January 23, 2013

Getting the inside story on Great Lakes novel

As published in The Erin Advocate

It is interesting how personal connections from the past will spark the interest of people, especially when it comes to the myriad of subcultures that thrive outside the mainstream of Canadian society.

Erin publisher Tim Inkster received a manuscript in 2005 for a semi-autobiographical novel called Sailor Girl, by Sheree-Lee Olson, about the adventures of a young woman working in the kitchen of a Great Lakes freighter.

He did not publish it until 2008, but he initially gave it a serious look because he knew about that culture – his father and grandfather had worked on the boats. He is proud of his grandfather, Captain Walter Inkster of Collingwood, who became a friend of Scott Misener while travelling across the Atlantic to deliver a boat to Montreal in 1903. Misener went on to operate a shipping fleet, and that same boat was later named after Inkster.

Shelley Austin, Sheree-Lee Olson and Tim Inkster
Shelley Austin, a member of a book club called the Joyous Erin Wine & Literary Society (JEWLS) was recently looking for ideas for a book event. Elke Inkster of Porcupine's Quill suggested Sailor Girl, and she took an immediate interest because her grandfather had been an engineer for Misener Steamships from 1925 to 1950.

She planned an evening that brought together about 30 women from four local book clubs last Friday at Tintagels Tea Room on Main Street, to meet Sheree-Lee Olson. The event was sponsored by Jim and Audrey Devonshire, owners of Tintagels and the Devonshire Guest House, and by Tim and Elke Inkster of Porcupine's Quill, who also run a small bookstore, located in comfortable surroundings at the back of the Renaissance store in downtown Erin.

When Shelley asked me about covering the event, I was interested not only because of the local aspects, but because my uncle had been a Great Lakes freighter captain. I grew up within earshot of the boats on the Welland Canal, and as a kid found it strange that my uncle Bernard had a job that only allowed him to be home with his wife and children during the winter.

Conditions could be harsh on that edge of society, as Olson discovered over seven summers, working her way through university. She went on to be the Style Editor at The Globe and Mail, and is currently a copy editor for Globe Life.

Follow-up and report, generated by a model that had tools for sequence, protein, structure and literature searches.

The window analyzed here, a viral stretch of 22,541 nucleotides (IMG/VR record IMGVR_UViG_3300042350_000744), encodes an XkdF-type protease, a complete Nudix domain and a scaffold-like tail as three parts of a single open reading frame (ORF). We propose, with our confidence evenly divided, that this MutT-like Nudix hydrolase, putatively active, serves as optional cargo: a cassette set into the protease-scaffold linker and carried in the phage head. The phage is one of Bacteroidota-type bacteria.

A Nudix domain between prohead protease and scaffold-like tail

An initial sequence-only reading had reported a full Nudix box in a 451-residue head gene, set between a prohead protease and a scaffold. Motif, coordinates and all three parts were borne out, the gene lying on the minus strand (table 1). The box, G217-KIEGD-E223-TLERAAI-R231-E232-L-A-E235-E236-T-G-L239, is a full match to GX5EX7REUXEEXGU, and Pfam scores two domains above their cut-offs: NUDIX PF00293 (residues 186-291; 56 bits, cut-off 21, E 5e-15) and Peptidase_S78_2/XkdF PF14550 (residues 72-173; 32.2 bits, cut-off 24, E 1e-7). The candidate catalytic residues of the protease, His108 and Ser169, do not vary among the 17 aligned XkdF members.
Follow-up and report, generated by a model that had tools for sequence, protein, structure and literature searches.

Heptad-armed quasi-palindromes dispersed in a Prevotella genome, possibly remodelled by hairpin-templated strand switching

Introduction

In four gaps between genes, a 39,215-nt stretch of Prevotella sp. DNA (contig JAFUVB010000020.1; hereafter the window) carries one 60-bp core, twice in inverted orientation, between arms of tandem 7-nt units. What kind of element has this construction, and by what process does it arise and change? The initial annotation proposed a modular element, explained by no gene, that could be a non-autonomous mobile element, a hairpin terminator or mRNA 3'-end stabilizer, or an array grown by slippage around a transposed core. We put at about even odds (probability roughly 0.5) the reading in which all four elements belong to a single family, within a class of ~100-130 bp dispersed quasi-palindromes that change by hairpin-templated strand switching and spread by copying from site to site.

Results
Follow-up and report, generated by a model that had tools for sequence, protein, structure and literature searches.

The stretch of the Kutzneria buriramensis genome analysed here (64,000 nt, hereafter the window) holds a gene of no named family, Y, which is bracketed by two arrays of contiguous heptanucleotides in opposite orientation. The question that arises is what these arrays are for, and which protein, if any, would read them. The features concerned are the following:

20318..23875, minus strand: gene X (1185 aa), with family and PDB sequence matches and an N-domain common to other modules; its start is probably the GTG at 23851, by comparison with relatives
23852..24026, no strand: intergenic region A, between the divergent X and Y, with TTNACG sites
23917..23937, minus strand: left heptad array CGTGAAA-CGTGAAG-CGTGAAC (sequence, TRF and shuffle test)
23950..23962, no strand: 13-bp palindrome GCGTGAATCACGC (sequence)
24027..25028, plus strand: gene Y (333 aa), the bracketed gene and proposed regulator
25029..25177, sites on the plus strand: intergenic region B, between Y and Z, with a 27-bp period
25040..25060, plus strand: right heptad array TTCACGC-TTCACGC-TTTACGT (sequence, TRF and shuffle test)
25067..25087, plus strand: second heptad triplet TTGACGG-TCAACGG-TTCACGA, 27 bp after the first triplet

"I was so thrilled to finally get this book published, after spending twenty years writing it," she said. After many false starts in her 20s, she finally found an opportunity to work all week at her job, and every weekend for four years on the book.

Finishing it in her 40s made it "much more informed by my own experiences in the working world, and by feminist issues, and just trying to honour people whose lives are pretty much invisible...They are an outlier society."

While she had personal experience on the lakes, she found it was necessary to do a lot of research to recapture details about the lifestyle. Some characters were based on real people, others were composites, and others, like Calvin, were inventions. "I made him up because I wished I had Calvin, instead of the other jerks," she said.

She promotes Sailor Girl as having "salty dialogue and gripping description", as a "uniquely Canadian story, one that distills a vanishing part of our heritage", and as a love story in which "a middle class girl finds a deep connection with the unruly young men and toughminded women of the lakes."

The book has had critical acclaim and won a bronze in the 2009 Independent Publisher Book Awards, but sales have been modest, and she describes marketing a book as something of a "crapshoot".
Sailor Girl got a boost with the placing of a "Bookmark" in Port Colborne, at Lock 8 on the Welland Canal, in 2011. Project Bookmark Canada installs plaques bearing selections from notable Canadian works, in the exact locations where scenes are set.

There is also a movie version of Sailor Girl in the works, with Markham Street Films (MSF) planning to start shooting this year. Naturally, Inkster is hoping that goes well, since there's nothing like a successful movie to propel book sales.

MSF describes it as a coming of age story, in which "19-year-old art student rebel Kate McLeod signs on to a Great Lakes freighter and sails off into an unexpected world of stormy, sexy and dangerous adventures."

Olson said that to distill the story, screen writer Johanna Schneller had to "really collapse the book – a whole new treatment that was very visual and very visceral, and really cut out all the boring stuff – it was great."

For more about the author, go to www.sheree-leeolson.com, and for a taste of that Great Lakes shipping culture, go to www.boatnerd.com.